Six months after that first appointment with Dr Osborne, you notice that wee Dennis is walking funny and appears to have what looks like, to you, swollen joints. You phone up, you get an appointment and you get Dr Brown. Dr Brown’s on the mark: be like Dr Brown. He looks back through the list of your previous visits with Dennis and he’s concerned. He suggests a blood test.

I know this is just a made-up story but pick combinations of symptoms from the following list:

  • Easy bruising
  • Fever
  • Headache
  • Joint pain
  • Walking pain
  • Weight loss
  • Fatigue
  • Vision problems
  • Night sweats
  • Pale skin
  • Shortness of breath
  • Enlarged lymph nodes
  • Swelling in the abdomen

Recognising that your child has had a combination of several different symptoms over a shortish period of time is a cause for concern. In my story, Dr Brown was alert to the situation.

But…

Every child is different, and it may well be that a child presents hardly any symptoms at all until stage 4, when neuroblastoma is high risk.

But the message remains the same: the earlier that anything is diagnosed, the better are the chances of sorting it. If Dr Brown’s blood test came back positive, then awareness may have allowed a diagnosis at stage 2.

And so to the bike: we came back from holiday late on Tuesday afternoon, arriving home after a 250 mile drive in 28C of heat with no air con. It’s the way we roll: running a twelve year old motor in order to fund the LCFN bike(s). The last two weeks have yielded a grand total of 64 miles, and as any athlete will tell you, you lose it quickly once you stop (especially when you’ve been on the ale on holiday). So Tuesday at 7pm was a rude awakening. For a start I’m hardly ever out that late in the day, and that brings pressure: pressure to get home again in daylight. Rolling in at half nine is kinda strange, but it set the tempo.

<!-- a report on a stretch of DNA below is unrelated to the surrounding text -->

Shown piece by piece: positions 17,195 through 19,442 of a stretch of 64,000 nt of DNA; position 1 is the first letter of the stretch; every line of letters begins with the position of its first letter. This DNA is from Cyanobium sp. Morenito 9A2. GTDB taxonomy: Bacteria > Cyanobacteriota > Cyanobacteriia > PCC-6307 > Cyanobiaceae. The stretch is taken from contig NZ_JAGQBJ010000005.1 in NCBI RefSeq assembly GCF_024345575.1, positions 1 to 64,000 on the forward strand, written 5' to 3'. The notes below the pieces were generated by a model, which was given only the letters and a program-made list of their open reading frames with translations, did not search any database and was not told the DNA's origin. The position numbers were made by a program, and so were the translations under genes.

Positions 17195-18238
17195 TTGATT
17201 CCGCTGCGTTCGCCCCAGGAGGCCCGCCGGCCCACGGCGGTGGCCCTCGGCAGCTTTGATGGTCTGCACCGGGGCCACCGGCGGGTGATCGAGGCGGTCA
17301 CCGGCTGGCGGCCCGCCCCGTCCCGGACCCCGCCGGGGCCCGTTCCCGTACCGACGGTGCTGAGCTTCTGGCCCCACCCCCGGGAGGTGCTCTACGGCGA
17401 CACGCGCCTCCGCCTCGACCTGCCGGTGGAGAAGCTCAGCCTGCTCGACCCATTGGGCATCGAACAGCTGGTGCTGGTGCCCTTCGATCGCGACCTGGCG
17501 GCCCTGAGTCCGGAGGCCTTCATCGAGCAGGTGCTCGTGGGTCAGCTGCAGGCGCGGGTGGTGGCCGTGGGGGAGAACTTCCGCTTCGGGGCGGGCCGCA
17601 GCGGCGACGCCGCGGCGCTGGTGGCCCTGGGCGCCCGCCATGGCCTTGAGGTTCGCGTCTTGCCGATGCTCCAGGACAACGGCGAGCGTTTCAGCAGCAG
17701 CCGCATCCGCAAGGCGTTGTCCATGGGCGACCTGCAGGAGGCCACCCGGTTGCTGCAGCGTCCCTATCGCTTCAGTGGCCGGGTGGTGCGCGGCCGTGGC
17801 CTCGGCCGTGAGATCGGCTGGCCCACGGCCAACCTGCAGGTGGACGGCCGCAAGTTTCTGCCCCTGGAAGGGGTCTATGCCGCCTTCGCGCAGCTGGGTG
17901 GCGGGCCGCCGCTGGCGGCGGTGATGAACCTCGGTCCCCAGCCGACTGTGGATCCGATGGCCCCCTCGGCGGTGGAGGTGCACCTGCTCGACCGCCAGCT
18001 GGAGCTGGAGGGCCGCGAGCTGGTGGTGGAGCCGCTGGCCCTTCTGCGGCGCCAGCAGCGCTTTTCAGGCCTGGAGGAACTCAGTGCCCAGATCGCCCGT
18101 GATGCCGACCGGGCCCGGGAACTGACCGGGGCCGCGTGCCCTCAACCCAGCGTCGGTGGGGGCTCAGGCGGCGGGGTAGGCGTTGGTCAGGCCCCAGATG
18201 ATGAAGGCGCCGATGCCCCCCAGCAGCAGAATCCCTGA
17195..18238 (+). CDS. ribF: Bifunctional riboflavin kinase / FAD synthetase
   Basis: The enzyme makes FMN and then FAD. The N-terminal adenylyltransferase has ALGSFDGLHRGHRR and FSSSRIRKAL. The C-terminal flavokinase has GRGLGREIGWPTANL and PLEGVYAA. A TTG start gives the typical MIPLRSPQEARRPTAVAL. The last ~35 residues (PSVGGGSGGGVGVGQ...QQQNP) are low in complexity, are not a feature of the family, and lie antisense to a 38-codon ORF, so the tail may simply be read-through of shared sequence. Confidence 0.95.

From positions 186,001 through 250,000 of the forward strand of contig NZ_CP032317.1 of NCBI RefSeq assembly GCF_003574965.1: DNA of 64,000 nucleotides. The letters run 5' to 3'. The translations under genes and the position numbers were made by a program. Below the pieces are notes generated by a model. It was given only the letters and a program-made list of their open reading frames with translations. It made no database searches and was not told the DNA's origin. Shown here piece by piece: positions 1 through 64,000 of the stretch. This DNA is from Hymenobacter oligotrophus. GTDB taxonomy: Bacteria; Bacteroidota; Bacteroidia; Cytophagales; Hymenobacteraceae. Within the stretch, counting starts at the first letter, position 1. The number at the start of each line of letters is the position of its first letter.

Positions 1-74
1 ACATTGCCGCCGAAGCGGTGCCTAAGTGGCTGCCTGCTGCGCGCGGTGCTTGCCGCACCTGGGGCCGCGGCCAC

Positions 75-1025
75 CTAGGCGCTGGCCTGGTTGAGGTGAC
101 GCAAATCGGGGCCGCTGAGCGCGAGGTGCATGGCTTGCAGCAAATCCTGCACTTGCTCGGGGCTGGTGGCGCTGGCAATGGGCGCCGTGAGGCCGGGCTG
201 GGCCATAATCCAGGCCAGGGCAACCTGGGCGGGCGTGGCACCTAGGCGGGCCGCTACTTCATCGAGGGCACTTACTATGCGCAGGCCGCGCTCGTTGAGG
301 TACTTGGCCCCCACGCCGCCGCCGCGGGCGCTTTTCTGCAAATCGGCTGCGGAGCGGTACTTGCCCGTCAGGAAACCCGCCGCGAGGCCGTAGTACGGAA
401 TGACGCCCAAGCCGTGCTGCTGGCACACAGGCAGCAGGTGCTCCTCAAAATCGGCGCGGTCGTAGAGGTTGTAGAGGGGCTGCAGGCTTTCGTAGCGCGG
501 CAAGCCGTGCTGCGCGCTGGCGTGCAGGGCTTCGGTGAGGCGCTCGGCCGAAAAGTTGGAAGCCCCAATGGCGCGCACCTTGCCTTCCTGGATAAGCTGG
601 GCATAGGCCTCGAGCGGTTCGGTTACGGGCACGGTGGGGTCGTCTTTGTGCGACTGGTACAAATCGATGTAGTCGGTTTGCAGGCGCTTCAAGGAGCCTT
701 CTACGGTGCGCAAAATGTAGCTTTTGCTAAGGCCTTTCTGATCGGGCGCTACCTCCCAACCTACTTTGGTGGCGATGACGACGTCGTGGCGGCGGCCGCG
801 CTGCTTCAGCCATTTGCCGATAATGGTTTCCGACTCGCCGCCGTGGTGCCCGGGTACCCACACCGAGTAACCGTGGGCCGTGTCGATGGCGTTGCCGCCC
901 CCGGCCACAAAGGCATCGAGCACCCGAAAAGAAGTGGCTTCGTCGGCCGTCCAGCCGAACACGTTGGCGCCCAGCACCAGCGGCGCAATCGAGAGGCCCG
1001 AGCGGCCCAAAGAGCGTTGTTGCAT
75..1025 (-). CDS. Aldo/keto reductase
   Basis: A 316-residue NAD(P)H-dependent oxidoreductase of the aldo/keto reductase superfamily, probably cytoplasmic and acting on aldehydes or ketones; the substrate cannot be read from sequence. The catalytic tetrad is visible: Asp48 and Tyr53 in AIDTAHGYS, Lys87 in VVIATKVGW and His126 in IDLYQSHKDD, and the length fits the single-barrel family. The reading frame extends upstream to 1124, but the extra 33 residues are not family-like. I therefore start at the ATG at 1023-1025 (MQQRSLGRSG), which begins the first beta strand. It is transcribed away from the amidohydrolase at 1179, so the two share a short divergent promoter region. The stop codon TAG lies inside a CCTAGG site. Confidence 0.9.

Wednesday morning I was sore from the off, and my gammy thigh muscle seized up the moment I rolled out of bed: not a good sign. But hey, sod the pain, sod the toxic legs, let’s be having another 30 miles. I mentioned last week that 32,000 miles was coming up this weekend but this being LCFN, I wanted it a day early. I wanted it today. I love challenging my body and I love smashing the things that I’m not supposed to do. So now that’s four 30 milers on the bounce and apart from the now customary nagging pain in the front of my right leg, everything’s back to normal. Leaving aside #ForeverFive week before we went away, when basically my motivation was all over the place, over 90% of the last 100 days out have been 30 milers.